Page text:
Half of Quebec's anglophone and allophone population have considered leaving the province in the last year, a new EKOS poll commissioned by the CBC suggests. While only 10 per cent of francopho...
The Parti Québécois should be doing more to quell the anxiety of the province's English-speaking population about its policies, says the director of a Canadian research thinktank. Jack Jedwab, execut...
MONTREAL - English-rights activists in Quebec are raising concerns about a proposed new language law they say infringes on their rights.The new law is intended to build on Quebec's landmark language l...
My ancestors were among those who discovered La Nouvelle France; "Drouin" was my paternal grandmother's last name. I love Québec and I stand up for it. I wish I could say that my petit nation thought I was the ideal Québecois. But no, I feel like Madame Marois wants to turpentine the Anglo off of me or have the French Québecois alienate and exile me. There are many of us Québecois who are not pure laine, but Québec is the only place that is home to us. If people of all religions, of all races, of both genders can live together in harmony in this province, why can't Anglos and Francos?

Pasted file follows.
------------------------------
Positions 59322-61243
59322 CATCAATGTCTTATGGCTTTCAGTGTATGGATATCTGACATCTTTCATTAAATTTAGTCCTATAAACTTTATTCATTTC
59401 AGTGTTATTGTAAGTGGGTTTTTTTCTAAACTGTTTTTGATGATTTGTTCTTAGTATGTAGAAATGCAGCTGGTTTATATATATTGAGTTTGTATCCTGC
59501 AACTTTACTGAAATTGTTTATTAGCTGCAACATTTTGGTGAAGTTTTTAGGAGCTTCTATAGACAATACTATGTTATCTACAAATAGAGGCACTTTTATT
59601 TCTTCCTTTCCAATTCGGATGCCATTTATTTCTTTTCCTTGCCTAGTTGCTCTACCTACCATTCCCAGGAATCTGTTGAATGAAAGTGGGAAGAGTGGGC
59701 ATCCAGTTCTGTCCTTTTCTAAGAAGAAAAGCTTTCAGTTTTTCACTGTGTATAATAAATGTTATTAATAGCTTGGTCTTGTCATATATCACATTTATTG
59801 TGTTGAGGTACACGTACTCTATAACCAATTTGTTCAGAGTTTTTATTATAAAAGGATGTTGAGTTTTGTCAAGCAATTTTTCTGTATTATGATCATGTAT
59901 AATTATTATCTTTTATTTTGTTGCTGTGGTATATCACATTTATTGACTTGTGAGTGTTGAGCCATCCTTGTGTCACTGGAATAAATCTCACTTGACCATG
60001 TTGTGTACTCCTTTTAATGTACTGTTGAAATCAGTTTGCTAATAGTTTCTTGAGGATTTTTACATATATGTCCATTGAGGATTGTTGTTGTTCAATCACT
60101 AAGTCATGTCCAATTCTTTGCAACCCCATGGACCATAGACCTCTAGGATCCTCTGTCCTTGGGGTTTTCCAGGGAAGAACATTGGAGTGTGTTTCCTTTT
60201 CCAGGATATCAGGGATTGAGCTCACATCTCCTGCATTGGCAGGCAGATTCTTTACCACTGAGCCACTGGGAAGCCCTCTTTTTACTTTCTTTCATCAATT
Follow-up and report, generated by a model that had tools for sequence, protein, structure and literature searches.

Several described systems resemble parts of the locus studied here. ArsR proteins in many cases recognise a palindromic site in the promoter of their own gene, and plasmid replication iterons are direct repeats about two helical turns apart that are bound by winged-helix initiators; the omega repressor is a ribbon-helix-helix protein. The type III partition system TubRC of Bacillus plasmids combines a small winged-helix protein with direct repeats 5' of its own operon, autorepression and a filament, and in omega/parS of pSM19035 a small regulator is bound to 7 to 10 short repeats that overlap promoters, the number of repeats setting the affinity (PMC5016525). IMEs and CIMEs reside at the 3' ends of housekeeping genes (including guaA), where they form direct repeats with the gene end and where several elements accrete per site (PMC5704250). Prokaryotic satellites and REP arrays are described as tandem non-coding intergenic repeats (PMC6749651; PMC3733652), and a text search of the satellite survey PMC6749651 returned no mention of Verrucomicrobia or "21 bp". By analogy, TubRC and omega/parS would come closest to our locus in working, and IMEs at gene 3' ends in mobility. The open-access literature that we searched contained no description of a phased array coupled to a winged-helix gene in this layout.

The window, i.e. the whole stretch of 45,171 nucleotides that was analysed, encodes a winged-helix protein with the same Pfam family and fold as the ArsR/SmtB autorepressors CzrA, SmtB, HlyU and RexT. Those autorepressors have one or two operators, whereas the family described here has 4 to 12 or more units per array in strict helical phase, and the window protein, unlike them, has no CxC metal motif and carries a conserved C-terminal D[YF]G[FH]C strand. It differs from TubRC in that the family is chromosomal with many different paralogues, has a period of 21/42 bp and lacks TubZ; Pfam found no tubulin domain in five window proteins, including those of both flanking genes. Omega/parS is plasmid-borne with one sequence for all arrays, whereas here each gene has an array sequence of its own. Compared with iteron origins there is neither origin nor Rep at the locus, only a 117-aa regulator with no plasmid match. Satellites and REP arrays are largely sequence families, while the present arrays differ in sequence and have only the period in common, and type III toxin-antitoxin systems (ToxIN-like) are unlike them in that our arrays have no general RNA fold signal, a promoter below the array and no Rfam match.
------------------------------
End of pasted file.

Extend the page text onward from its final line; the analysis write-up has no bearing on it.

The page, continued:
Quebec's school segregation laws, which ensure the children of immigrants from English-speaking countries do not have the right to send their children to English schools, uses language identical in principle to that used under the now defunct apartheid system of South Africa. All it would take to eliminate this inequality is a proclamation by the legislation or government of Quebec.
Skirmishes over language erupted all through 2011 in Montreal, most notably around the appointment of unilingual Anglophone Randy Cunneyworth as head coach of the Montreal Canadiens. The language issue has always been messier, however, when it has involved the bars and nightclubs of downtown Montreal.